• stability: to be able to develop an ongoing stable relationship of trust with those helping them
  • respect: to be treated with the expectation that they are competent rather than not
  • information and engagement: to be informed about, and involved in procedures, decisions, concerns and plans
  • explanation: to be informed of the outcome of assessments, and decisions and reasons when their views have not met with a positive response
  • support: to be provided with support in their own right as well as a member of their family
  • advocacy: to be provided with advocacy to assist them in putting forward their views
  • protection: to be protected against all forms of abuse, exploitation, and discrimination, and the right to special protection and help if a refugee

What do we mean by abuse?

Abuse is a violation of a person's human rights or dignity by someone else. There are many kinds of abuse; some are listed below:

  • Physical - including hitting, slapping, pushing, kicking, restraint or inappropriate sanctions
  • Sexual - including rape and sexual assault or sexual acts to which the vulnerable adult has not consented, could not consent or was pressured into consenting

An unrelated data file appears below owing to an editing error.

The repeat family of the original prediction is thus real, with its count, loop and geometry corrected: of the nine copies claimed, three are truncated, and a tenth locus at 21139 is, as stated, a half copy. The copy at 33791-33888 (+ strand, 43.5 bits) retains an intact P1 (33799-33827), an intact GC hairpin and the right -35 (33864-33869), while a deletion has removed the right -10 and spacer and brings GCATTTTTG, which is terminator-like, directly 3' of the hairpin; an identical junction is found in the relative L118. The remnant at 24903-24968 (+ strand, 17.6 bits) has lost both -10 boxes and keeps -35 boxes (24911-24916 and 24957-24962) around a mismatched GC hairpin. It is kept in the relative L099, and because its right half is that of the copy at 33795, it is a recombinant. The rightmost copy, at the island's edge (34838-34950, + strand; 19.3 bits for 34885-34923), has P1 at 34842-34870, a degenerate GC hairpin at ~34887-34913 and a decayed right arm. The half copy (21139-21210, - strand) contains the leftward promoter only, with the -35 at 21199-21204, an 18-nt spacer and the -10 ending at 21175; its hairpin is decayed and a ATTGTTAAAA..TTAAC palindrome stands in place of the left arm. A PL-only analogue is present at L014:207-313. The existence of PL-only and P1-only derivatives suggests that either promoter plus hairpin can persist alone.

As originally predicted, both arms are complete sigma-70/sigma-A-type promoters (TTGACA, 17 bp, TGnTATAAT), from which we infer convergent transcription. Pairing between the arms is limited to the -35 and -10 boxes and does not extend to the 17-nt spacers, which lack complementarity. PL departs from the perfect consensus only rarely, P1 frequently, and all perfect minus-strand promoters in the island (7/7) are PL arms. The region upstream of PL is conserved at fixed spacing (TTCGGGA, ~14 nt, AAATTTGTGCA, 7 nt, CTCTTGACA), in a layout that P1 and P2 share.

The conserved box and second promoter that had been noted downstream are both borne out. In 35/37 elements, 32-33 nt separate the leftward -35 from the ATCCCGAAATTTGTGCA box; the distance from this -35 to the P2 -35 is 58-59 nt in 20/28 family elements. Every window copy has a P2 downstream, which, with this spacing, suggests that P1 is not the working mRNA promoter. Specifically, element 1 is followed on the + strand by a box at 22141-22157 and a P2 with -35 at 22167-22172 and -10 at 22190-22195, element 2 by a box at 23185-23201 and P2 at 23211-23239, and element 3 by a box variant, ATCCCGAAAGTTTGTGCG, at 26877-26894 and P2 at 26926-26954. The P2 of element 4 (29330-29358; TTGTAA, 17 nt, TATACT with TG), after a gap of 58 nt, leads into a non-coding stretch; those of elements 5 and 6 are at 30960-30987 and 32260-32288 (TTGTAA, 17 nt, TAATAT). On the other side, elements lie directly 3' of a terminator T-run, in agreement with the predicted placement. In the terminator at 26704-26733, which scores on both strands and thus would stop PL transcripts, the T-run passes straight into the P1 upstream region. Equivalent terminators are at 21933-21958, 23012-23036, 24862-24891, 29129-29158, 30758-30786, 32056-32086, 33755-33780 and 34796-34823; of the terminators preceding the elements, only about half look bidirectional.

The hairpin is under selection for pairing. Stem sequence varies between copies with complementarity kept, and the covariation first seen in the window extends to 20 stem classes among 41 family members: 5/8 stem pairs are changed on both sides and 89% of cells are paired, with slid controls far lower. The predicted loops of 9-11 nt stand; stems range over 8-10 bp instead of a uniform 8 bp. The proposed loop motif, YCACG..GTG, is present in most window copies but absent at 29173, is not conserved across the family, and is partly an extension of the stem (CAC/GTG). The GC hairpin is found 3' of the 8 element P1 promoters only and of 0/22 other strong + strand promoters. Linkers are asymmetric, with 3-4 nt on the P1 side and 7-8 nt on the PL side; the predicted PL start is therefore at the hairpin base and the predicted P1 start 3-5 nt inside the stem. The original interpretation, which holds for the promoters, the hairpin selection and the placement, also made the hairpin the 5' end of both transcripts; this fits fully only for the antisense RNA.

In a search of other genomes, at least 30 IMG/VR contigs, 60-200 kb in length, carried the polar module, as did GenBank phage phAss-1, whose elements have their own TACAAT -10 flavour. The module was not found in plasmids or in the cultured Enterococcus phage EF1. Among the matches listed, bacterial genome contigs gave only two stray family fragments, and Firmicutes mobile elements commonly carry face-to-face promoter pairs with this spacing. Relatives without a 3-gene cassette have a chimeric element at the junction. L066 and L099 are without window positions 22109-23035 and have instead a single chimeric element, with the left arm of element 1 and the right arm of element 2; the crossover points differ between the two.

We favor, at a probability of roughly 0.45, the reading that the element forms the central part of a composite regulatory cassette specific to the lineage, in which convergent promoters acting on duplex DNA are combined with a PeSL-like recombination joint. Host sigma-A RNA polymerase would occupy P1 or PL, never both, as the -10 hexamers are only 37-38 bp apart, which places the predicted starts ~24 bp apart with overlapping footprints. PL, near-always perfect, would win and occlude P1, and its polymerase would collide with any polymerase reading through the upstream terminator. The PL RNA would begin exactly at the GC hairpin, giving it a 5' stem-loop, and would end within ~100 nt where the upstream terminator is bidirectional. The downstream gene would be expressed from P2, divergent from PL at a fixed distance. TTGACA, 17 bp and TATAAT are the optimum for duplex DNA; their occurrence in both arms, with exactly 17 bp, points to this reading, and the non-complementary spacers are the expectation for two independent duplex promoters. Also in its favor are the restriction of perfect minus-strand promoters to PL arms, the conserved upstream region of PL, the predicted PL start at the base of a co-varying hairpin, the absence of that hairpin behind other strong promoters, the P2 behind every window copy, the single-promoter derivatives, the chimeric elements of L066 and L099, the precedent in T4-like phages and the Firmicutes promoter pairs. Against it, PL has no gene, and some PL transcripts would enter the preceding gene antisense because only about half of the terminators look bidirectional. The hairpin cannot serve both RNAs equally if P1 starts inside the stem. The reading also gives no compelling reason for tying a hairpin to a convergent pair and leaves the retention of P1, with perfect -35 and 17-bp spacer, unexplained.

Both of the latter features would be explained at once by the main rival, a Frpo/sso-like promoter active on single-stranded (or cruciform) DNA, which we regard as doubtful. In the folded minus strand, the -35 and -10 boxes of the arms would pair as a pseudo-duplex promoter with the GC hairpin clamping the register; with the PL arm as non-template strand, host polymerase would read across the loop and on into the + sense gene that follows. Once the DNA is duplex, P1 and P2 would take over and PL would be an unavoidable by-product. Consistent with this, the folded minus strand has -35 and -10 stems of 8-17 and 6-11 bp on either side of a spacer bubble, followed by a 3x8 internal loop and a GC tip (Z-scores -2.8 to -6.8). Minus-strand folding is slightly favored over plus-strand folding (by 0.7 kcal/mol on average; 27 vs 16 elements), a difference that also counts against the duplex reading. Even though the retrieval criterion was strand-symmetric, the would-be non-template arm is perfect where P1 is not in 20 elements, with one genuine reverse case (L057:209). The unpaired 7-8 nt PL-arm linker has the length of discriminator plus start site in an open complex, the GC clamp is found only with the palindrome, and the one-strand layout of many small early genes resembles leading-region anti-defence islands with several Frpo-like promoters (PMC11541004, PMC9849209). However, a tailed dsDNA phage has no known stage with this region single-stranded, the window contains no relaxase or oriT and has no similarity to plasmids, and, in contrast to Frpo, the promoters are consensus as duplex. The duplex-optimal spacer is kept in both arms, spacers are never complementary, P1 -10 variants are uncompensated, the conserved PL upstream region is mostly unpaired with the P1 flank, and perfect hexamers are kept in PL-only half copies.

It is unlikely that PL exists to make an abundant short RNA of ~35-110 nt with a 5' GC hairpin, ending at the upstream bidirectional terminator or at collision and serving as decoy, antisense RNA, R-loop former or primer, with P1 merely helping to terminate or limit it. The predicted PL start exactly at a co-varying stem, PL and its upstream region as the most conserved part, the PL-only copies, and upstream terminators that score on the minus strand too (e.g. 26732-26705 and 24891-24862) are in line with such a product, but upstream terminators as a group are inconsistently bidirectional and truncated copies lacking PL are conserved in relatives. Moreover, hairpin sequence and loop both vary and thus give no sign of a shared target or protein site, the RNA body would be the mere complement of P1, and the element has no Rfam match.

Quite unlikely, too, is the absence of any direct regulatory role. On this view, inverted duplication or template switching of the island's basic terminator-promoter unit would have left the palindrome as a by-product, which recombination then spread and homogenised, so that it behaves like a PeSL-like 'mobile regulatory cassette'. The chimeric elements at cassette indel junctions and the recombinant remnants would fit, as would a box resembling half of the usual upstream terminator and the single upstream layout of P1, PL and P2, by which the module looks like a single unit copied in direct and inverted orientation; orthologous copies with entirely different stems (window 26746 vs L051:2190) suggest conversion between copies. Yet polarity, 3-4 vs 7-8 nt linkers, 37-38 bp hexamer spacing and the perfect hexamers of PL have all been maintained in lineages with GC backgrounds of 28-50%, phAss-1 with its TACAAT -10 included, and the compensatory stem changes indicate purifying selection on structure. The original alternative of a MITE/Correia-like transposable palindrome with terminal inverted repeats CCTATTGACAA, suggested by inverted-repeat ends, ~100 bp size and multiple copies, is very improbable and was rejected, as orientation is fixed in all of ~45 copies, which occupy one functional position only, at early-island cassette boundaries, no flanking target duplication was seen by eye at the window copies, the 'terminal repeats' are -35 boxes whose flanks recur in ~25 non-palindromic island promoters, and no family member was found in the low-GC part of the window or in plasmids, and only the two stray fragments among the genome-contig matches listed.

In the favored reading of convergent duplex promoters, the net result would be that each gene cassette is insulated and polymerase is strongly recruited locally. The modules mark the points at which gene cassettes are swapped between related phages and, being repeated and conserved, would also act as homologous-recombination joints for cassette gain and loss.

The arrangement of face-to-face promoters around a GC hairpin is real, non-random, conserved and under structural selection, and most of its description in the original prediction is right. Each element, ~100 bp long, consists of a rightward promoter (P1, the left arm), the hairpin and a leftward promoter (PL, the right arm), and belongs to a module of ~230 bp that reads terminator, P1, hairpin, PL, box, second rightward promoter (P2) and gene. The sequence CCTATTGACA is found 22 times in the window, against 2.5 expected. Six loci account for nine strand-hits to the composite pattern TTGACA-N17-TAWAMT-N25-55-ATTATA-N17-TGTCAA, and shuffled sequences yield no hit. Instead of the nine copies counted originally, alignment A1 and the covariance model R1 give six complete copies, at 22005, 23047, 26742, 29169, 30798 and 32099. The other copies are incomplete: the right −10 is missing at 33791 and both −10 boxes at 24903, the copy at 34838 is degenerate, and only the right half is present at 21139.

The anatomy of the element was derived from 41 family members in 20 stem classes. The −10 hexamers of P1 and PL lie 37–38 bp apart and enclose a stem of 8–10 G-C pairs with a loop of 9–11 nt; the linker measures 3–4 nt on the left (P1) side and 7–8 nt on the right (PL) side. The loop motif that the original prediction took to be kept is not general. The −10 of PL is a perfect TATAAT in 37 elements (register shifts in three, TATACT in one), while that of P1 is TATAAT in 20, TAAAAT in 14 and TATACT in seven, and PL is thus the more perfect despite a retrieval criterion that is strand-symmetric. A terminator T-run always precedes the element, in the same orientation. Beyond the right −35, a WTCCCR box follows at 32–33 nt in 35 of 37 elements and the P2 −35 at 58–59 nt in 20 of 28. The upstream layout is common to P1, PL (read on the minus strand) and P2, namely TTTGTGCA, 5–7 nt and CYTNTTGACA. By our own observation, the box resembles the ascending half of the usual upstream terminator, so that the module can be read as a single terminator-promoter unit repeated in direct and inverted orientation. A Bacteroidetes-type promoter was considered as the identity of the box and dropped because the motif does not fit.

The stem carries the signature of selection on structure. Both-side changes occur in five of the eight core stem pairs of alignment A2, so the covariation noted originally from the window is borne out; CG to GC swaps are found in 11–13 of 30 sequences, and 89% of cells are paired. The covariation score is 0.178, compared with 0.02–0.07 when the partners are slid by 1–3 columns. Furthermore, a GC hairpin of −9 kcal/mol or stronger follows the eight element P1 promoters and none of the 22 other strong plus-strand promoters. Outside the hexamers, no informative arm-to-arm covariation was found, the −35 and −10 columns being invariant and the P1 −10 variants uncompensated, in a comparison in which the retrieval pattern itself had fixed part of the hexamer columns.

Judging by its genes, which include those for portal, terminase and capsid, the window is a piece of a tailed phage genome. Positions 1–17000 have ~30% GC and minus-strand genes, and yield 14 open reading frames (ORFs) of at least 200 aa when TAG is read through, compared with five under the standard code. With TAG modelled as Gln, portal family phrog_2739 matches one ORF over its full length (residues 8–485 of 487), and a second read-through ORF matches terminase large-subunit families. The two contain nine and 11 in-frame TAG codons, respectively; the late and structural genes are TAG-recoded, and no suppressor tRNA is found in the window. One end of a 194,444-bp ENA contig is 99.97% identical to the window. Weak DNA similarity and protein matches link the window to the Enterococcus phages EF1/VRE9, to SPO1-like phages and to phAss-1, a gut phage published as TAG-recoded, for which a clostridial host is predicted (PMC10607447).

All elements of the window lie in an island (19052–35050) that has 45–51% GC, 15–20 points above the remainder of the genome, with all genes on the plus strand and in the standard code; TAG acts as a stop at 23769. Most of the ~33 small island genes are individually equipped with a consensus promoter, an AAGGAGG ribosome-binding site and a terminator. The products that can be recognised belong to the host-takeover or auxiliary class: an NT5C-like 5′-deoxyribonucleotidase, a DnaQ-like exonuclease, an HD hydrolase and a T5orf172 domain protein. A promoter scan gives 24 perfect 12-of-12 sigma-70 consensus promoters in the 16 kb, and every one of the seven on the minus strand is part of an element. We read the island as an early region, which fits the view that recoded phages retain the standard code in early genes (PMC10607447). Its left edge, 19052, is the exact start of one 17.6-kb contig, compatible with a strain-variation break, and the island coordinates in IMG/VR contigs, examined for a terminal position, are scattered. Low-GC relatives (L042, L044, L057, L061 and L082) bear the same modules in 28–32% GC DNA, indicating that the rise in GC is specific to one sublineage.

• Psychological - including emotional abuse, threats of harm or abandonment, deprivation of contact, humiliation, blaming, controlling, intimidation, coercion, harassment, verbal abuse, isolation or withdrawal from services or supportive networks
  • Financial or material - including theft, fraud, exploitation, pressure in connection with wills, property or inheritance or financial transactions, the misuse or misappropriation of property, possessions or benefits
  • Neglect or acts of omission - including ignoring medical or physical care needs, failure to provide access to appropriate health care, social care, education services or misuse of medication, adequate nutrition or heating
  • Discriminatory - including racist, sexist behaviour and harassment based on a person's ethnicity, race, culture, sexual orientation, age or disability, and other forms of harassment, slurs or similar treatment